Supporting policymaking at COP26 4C brings policy relevant climate research to the summit


The UN Climate Change Conference of the Parties (COP) is the yearly summit that brings together world leaders, scientists and civil society to discuss greenhouse gas emissions and the measures that have been taken or need to be taken to address climate change. 

The conference is crucial for negotiating action to limit global warming to well below 2 degrees and aiming at 1.5 degrees, in line with the Paris Agreement, which was first adopted during COP21 in 2015. 

COP26 is the 26th COP summit, taking place in Glasgow, UK between 31 October and 12 November 2021. 

Global average temperature projected to remain constant after reaching zero CO2 emissions according to 4C report


The carbon budget is a powerful concept developed in the last decade to assess how much additional carbon dioxide (CO2) humans can emit before a temperature target will be reached with a given probability. It provides critical knowledge to policymakers in order to prepare appropriate mitigation plans.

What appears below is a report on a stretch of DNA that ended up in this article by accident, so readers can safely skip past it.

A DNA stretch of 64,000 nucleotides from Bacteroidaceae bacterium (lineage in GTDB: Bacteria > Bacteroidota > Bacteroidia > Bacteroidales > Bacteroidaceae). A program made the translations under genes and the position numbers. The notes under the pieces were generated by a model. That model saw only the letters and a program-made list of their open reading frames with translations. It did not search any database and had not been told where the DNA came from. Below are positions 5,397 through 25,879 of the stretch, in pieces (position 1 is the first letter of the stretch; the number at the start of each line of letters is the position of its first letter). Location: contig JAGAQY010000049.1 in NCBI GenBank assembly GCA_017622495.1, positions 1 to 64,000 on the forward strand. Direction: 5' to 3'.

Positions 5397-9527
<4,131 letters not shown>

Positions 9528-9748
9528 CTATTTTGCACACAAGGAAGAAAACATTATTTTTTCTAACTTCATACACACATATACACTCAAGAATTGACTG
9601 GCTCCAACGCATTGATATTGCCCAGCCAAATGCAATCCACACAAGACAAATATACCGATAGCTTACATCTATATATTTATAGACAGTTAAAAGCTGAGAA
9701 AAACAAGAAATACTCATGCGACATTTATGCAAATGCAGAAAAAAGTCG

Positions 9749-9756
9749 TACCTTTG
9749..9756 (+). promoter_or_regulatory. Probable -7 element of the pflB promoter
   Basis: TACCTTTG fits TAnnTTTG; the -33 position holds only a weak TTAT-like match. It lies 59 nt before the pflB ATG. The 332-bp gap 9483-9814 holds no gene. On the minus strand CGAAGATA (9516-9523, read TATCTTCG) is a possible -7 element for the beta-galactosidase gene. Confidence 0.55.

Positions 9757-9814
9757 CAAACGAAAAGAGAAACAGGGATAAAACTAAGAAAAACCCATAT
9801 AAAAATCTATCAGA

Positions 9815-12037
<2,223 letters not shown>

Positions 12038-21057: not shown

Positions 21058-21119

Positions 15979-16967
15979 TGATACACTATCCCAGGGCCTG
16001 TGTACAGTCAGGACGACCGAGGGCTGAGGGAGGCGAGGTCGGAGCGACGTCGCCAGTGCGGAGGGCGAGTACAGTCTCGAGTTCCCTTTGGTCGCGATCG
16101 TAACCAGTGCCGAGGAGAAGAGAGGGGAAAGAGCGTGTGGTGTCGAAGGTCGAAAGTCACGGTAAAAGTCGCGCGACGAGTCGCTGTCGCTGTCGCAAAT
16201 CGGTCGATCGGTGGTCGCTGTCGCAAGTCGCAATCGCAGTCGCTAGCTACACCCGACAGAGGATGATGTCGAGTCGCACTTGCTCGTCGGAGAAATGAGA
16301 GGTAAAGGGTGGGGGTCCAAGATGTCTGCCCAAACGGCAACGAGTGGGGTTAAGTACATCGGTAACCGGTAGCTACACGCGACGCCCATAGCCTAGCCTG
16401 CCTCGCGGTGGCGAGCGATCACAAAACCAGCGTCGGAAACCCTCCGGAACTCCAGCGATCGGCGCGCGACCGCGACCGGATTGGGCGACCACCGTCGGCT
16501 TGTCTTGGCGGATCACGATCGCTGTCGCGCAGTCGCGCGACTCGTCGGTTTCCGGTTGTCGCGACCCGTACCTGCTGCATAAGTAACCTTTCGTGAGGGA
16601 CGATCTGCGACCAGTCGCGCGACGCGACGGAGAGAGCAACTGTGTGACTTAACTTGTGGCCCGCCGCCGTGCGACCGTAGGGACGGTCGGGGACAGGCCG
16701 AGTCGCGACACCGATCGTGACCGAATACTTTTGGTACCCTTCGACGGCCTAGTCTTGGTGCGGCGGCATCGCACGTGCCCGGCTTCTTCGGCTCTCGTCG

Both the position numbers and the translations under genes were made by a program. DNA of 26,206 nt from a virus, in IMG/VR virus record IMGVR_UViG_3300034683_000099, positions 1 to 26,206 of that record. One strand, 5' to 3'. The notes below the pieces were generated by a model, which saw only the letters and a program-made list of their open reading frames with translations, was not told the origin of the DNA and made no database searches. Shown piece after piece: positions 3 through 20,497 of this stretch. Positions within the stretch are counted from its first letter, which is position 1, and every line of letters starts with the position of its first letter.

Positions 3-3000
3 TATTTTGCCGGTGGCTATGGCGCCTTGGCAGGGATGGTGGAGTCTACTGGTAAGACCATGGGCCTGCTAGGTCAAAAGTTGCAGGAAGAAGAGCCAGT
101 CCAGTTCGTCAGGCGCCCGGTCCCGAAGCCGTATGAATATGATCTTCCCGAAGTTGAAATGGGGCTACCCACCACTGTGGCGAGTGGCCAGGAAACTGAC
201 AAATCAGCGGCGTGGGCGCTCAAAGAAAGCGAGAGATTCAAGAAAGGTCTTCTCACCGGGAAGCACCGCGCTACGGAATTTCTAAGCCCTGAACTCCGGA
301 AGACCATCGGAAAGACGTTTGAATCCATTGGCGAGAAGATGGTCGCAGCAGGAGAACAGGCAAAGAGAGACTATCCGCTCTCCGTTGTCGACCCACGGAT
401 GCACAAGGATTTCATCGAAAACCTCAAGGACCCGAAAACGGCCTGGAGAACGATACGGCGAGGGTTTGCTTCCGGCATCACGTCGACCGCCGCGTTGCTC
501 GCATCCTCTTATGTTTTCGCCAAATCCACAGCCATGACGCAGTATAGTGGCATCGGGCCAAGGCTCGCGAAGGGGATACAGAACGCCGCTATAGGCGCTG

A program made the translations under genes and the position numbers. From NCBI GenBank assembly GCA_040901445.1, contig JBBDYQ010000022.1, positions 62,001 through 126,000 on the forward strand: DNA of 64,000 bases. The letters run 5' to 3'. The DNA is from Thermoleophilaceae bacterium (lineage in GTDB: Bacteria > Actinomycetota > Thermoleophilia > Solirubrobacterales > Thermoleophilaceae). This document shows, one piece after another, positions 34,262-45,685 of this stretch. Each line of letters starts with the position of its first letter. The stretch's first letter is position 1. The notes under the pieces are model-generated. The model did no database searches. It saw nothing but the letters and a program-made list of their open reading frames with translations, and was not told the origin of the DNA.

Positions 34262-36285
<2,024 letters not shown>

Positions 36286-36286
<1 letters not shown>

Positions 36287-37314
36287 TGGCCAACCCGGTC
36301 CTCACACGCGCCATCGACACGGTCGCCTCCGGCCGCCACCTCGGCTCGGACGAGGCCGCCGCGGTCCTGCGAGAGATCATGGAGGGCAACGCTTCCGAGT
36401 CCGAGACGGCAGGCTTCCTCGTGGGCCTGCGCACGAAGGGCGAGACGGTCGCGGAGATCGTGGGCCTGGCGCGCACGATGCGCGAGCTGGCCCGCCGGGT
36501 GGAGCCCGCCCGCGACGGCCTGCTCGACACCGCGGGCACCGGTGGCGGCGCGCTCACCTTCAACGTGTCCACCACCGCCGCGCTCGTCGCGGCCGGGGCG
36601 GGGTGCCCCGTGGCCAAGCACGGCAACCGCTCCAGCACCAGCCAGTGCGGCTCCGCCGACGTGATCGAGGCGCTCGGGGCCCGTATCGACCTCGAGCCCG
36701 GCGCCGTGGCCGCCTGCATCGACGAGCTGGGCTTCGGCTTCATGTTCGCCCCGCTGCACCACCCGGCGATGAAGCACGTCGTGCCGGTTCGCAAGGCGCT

Better understanding the relationship between the temperature increase and cumulative CO2 emissions is crucial in determining how the global mean temperature will change after emissions reach zero.

4C researchers release new datasets


As part of 4C, a European project researching climate-carbon interactions in the current century, four new datasets related with carbon dioxide (CO2) have been prepared and are now available to download. These datasets provide important information and data for climate research. They cover the following topics:

4C infographic how emissions affect atmospheric concentrations and lead to temperature rise

4C animated infographic

In the 4C project we work to better understand how emissions affect atmospheric concentrations and lead to temperature rise. We'll inform the Global Stocktake and help policy makers and governments take the appropriate measures to keep global warming below the Paris Agreement’s goal of 2ºC. 

Learn more by watching our animated infographic:

Global Carbon Budget record decrease in global CO2 emissions in 2020

COVID-19 restriction measures caused an unprecedented drop of 2.4 billion tonnes of CO2 in 2020

Global fossil CO2 emissions are expected to decline approximately 2.4 billion tonnes of CO2 (GtCO2) in 2020, a record drop caused by COVID-19 confinement measures in place. It means that this year fossil CO2 emissions are predicted to be 34 GtCO2, 7% lower than in 2019. These are the main results of the 15th edition of the Global Carbon Budget, which has been released on 11 December by the Global Carbon Project.